The absence of the continent's key economic ministers from the summit, where they were due to meet in advance of the formal EU leaders' meeting, raised doubts about the level of crucial detail that will be unveiled in plans that are supposed to safeguard the future of the single currency.
The absence of the continent's key economic ministers from the summit, where they were due to meet in advance of the formal EU leaders' meeting, raised doubts about the level of crucial detail that will be unveiled in plans that are supposed to safeguard the future of the single currency. Kaiser Nelson

European summit descends into chaos

THE emergency summit in Brussels was thrown into confusion as it was revealed that a meeting of European finance ministers has been cancelled.

The absence of the continent's key economic ministers from the summit, where they were due to meet in advance of the formal EU leaders' meeting, raised doubts about the level of crucial detail that will be unveiled in plans that are supposed to safeguard the future of the single currency.

In Britain, officials were privately downbeat about the prospect of any final deal being reached at the meeting, although Mr Cameron still intends to travel to Brussels for the meeting.

"Our sense at the moment is that these issues may not be resolved in time to announce any sort of comprehensive plan tomorrow night," a Government source said. "It's quite likely that we will be back again in a few days' time."

The German Chancellor, Angela Merkel, also indicated that she is fiercely opposed to the inclusion of any form of words in the plan that would enable the European Central Bank (ECB) to buy sovereign bonds to stabilise European debt markets. Referring to a draft of the summit statement mentioning the ECB's bond purchase scheme, Mrs Merkel told reporters in Berlin: "this sentence was not agreed by us". But many analysts argue that without some involvement from the central bank, it will prove impossible for European leaders to resolve the eurozone debt crisis.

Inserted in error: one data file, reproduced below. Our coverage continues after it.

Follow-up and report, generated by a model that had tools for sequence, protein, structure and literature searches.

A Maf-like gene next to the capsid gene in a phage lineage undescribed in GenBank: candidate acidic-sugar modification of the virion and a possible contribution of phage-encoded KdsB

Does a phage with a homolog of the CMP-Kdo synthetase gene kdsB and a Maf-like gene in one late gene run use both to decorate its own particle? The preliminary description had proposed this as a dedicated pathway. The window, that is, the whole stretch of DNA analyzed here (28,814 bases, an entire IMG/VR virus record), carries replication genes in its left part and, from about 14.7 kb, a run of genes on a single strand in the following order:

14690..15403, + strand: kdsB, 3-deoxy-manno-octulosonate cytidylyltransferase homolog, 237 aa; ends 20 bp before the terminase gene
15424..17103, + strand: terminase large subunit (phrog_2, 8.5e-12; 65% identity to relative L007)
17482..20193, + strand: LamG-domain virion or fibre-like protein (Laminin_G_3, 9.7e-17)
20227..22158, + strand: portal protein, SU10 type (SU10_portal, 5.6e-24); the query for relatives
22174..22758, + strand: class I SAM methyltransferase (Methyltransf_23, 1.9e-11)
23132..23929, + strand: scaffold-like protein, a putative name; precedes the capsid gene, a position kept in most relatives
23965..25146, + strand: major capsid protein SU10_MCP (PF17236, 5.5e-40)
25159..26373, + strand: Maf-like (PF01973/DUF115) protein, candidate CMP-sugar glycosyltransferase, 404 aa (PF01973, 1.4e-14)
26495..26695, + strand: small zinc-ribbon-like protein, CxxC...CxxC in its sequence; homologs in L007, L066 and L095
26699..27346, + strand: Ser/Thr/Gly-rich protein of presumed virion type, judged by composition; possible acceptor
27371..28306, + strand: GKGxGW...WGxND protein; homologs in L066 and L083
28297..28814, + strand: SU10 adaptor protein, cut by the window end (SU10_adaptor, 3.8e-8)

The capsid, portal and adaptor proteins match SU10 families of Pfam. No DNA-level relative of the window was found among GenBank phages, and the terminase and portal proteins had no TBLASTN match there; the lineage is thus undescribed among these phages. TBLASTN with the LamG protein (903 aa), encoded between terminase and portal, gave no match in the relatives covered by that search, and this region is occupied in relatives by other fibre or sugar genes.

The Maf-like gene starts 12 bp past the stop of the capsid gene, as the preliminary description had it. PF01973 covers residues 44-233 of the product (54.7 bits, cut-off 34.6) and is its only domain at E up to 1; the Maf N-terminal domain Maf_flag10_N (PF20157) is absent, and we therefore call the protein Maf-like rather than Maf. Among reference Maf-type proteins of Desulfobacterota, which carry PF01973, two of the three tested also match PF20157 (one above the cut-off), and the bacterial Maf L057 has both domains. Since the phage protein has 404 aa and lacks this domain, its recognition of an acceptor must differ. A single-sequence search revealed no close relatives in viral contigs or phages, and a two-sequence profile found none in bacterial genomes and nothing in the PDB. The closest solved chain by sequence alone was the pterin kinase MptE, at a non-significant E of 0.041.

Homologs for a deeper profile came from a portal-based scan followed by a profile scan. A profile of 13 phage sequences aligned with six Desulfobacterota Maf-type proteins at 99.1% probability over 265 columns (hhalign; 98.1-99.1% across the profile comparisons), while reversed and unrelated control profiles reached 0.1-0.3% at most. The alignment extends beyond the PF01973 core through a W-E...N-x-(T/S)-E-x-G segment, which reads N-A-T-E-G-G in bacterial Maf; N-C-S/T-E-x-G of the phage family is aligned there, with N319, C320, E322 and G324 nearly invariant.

There were signs, however, of progress on the question of what size of writedown should be imposed on the private banks that hold Greek sovereign debt. Jean-Claude Junker, who leads the group of eurozone finance ministers, said: "The private creditor participation will have to be more substantial, about 50 per cent."

Details of a complex plan to inflate the firepower of the European bailout fund, the European Financial Stability Facility, were also leaked. This is expected to involve a scheme to insure portions of newly issued sovereign bonds and also to establish a new fund designed to attract money from global investors.

The build-up to the crucial summit was further coloured by anxiety over Italian Prime Minister Silvio Berlusconi's ability to guarantee debt-slashing measures to satisfy the demands of other eurozone governments without causing the collapse of his fractious coalition.

That was a prospect that only receded, when Mr Berlusoni's king-making coalition partner, the Northern League, finally agreed to his planned reforms. While Northern League leader Umberto Bossi said he had reached agreement with Silvio Berlusconi about a key pension reform, he was still pessimistic about the survival of the coalition government.

"In the end we have found a way. Now we will see what the EU says," Mr Bossi told reporters. "I remain pessimistic."

But with just hours to go before the summit, Italy's contribution to rescuing the euro by shoring up its finances with pension cuts appeared to have hit the rocks, with the Northern League saying it would block a rise in pension age, from 60 in some cases, to 67 in line with other EU countries.

Infrastructure Minister Altero Matteoli admitted the political crisis might sink the government. "We are in the process of negotiating. There is this hypothesis [that the government could fall], but there is a margin for manoeuvre," he said.

Professor Francesco Giavazzi, of Milan's Bocconi University, said: "At this moment a government crisis would be a disaster, because in the next months we have a huge quantity of debt that needs to be refinanced."

Lamberto Dini, a former Italian prime minister, said on Sky Italia there was "no alternative to raising the pension age", and without it, Italy would "head down the same road as Greece".

Italy was effectively given 48 hours on Monday by the EU to introduce measures that would protect it from debt contagion.



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